The move comes after the success of Amazon’s in-home delivery service, which used smart locks and a cloud-connected camera to give its couriers access to people’s homes to deliver packages even if they aren’t in.

“We were really happy with the response to in-home delivery,” Peter Larsen, vice president of delivery technology at Amazon, told The Verge. “What we wanted to do — and it was part of the plan all along — is how we take that beyond the home.”

READ MORE: Amazon will now deliver packages to the trunk of your car

TSB online banking back up and running but bank faces scrutiny over what went wrong

TSB’s mobile app and online banking service are both back up and running after they went down due to a botched IT upgrade and possible data breach. The IT meltdown meant TSB’s five million customers were unable to access their accounts online, leading to concerns that payments would not go through and customers could go overdrawn.

But CEO Paul Pester tweeted at 4.30am: “Our mobile banking app and online banking are now up and running. Thank you for your patience and for bearing with us.”

The issue has left the bank and its boss facing intense scrutiny from the government, customers and regulators. TSB has pledged that no customers will be left out of pocket, but the Financial Conduct Authority and Information Commissioner’s Officer are in contact with the bank, while the Treasury Committee has written to Pester to seek answers.

READ MORE: TSB digital banking back online after daylong upgrade failure

Half of marketers still unaware of full implications of GDPR

With just a month to go until the deadline for GDPR compliance, half of marketers are still not aware of the full implications of the new data regulations and have major knowledge gaps.

According to a survey of marketers at major brands by the WFA, while 98% of respondents now believe that marketers in their organisation are either aware or actively working on GDPR, up from 76% in the last survey in July 2017, just 41% think their organisations are fully aware of the implications of GDPR on future marketing campaigns. 52% believe there are still major knowledge gaps.

Nevertheless, marketers are among the most engaged on GDPR. 95% say implementing GDPR is important for their organisation, with 70% describing it as “critically important”. The top three priorities are reviewing procedures to handle individuals’ requests related to their personal data; reviewing third parties such as agencies; and reviewing and updating record of data processing activities.

To do this, nine in 10 companies are carrying out internal training or communications and half are planning to recruit more data protection specialists or get external help.

“GDPR is challenging marketers and indeed many other roles to change their data culture and their systems of managing consumer data. But GDPR represents a great opportunity to adopt a mindset of ‘people first’ rather than ‘data first’ across the entire organization. Adopting a more respectful approach to personal information can only build trust,” says Stephan Loerke, CEO at the WFA.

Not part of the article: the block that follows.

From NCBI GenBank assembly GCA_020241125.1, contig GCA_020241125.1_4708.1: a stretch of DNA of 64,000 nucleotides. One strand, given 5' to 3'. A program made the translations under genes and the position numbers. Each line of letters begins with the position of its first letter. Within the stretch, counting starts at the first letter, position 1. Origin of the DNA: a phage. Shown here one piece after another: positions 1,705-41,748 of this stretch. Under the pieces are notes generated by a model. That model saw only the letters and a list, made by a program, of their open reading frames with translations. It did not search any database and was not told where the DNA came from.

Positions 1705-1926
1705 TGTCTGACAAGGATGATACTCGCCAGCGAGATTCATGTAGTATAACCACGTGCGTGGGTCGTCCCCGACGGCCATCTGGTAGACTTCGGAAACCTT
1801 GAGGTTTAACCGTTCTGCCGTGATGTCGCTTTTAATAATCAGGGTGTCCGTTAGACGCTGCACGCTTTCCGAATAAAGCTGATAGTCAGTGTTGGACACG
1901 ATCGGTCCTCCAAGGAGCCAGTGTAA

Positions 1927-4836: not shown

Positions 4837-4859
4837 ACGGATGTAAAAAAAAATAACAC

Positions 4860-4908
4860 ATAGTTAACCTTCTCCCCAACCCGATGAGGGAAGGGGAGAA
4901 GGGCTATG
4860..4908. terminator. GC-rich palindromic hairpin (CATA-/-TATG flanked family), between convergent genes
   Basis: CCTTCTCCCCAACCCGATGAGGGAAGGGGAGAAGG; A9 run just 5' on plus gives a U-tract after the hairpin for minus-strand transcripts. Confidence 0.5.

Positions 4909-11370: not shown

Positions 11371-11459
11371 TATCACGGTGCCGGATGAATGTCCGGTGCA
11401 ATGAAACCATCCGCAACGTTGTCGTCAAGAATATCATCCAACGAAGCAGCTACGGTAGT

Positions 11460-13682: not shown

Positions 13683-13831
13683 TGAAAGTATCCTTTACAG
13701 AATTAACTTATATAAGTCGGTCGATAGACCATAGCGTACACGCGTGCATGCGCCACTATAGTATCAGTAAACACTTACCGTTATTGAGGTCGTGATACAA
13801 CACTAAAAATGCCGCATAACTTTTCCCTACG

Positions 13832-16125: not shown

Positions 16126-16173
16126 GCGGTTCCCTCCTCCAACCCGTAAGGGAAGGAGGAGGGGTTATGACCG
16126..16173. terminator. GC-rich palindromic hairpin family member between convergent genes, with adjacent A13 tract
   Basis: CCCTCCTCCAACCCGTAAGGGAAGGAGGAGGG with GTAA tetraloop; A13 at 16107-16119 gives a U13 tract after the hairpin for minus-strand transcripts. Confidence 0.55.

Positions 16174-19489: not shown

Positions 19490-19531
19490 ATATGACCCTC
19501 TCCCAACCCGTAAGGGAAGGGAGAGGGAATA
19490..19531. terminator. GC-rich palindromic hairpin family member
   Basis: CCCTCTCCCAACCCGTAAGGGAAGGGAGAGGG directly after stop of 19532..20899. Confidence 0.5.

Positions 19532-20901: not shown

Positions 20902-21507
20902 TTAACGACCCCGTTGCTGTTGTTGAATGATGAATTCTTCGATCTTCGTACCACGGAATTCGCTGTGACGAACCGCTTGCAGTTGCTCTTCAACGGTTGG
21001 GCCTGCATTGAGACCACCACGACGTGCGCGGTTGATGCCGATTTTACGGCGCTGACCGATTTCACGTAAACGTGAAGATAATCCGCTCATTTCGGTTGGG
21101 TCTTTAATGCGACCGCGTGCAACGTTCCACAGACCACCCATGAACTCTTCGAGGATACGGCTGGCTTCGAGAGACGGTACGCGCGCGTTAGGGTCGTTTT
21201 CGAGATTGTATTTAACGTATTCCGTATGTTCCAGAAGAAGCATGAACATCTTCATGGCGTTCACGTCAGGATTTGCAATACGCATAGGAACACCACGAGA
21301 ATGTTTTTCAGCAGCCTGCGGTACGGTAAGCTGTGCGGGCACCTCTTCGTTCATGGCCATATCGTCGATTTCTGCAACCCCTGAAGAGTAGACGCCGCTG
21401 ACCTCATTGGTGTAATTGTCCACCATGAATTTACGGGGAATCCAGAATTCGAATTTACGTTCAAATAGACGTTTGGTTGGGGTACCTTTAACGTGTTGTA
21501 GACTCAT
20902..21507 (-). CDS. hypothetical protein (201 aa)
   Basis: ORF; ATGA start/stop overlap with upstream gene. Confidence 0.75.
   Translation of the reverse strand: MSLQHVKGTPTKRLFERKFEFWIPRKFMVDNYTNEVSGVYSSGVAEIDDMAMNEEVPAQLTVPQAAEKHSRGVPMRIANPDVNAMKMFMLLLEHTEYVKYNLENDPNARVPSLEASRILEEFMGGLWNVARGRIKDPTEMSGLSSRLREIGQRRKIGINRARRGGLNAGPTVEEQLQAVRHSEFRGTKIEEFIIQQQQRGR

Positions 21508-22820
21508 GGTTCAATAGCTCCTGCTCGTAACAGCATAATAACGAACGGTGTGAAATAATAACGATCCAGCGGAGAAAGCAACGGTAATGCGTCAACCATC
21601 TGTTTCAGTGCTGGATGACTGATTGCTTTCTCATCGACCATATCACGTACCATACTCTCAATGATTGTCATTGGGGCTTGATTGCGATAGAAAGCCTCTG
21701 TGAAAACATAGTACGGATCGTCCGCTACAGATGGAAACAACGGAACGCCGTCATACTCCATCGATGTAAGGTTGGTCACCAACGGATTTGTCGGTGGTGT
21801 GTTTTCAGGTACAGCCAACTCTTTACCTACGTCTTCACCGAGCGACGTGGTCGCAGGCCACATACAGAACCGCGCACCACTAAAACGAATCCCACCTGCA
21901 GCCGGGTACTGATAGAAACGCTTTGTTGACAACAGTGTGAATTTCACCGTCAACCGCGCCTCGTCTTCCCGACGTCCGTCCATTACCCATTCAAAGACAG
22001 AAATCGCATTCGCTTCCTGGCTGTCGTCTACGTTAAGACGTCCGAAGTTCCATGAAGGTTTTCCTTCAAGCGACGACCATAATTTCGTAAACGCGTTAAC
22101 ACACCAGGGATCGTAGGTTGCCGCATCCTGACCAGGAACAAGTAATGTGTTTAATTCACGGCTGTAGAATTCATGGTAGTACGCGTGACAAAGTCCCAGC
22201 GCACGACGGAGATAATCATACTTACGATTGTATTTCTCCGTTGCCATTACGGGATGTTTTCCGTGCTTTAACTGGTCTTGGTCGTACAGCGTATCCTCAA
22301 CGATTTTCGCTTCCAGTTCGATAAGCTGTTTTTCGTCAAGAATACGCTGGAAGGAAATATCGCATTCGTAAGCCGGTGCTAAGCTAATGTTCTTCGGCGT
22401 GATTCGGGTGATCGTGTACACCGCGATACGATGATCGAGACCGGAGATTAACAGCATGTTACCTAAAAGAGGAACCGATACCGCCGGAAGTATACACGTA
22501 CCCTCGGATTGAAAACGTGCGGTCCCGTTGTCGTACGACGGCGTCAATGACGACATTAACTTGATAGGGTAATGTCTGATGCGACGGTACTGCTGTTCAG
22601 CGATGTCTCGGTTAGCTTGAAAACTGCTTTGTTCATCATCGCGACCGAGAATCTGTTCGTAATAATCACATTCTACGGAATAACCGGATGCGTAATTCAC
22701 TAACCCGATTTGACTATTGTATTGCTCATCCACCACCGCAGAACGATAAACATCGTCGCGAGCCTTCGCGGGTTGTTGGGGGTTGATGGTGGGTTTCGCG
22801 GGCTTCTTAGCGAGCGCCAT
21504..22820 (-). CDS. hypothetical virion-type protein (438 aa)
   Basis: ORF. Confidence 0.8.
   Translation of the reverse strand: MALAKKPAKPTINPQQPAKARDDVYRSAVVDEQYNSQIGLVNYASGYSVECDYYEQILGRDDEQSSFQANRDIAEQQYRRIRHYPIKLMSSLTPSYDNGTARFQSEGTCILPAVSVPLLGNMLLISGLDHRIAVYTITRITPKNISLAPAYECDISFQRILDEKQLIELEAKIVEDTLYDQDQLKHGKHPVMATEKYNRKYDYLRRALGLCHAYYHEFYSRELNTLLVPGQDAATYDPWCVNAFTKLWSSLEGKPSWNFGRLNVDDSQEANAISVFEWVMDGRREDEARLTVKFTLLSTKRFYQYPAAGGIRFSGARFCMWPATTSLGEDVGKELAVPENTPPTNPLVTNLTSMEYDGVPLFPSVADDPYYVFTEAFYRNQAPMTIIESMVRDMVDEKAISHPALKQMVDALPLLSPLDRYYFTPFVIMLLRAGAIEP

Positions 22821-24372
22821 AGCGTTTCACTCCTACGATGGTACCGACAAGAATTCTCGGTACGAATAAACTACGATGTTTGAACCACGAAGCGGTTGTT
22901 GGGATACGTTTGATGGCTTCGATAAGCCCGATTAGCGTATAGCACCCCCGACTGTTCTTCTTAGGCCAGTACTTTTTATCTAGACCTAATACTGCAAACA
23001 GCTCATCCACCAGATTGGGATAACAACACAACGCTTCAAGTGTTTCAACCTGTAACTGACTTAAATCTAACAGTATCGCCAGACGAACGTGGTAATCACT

Digital ad spend hits record high as smartphone use booms

Digital ad spend hit a record high of £11.55bn in 2017, driven by an increase in mobile as advertisers followed consumers onto their smartphones.

The latest figures from the Internet Advertising Bureau (IAB) UK and PwC show advertisers spend £5.2bn more on smartphone ads last year. That makes mobile the fastest growing online ad format and means it now accounts for 45% of total digital ad spend, up from just 9% five years ago. And with smartphones now accounting for 59% of consumers’ online time, the IAB suggests there is room for more growth.

“People are spending more time online – specifically on smartphones. Digital has led to a change in consumer behaviour as people use their smartphone for a wider variety of things, be it listening to podcasts, learning a new skill or following stories on the likes of Snapchat and Instagram,” says IAB UK’s chief digital officer Tim Elkington. “The ad community has responded to this change – particularly the growth of mobile and video – by developing dynamic ad products that fit seamlessly into their environment.”

Video ad spend also saw big growth, rising 69% year on year to £1.17bn across phones, computers and tablets. 73% of that spend goes on smartphones. Social media spend was up 38% to £2.39bn – or £1 in every £5 – while in-feed advertising rose 9% to £950m.

The increases come despite growing concerns among some advertisers about issues such as brand safety, measurement and viewability on digital.

Elkington acknowledged, “There have been growing pains within the industry so we’re focused on building a sustainable future for advertising through initiatives such as the IAB Gold Standard, which aims to reduce ad fraud, improve the digital ad experience and increase brand safety. These and other industry initiatives clearly indicate the desire for the whole sector to work together to address the key issues.”

GoCompare agrees to ad watershed over concerns it could encourage children to eat coins

A GoCompare ad that features a small animated monster eating cash has been hit with a 7.30pm watershed after it was accused of encouraging children to swallow coins.

In the ad, the monster, known as ‘Monster Bill’, is seen rifling through a women’s purse and then eating her cash. A neighbour explains the monster is her home insurance bill, exclaiming ‘It’s eating all your money’.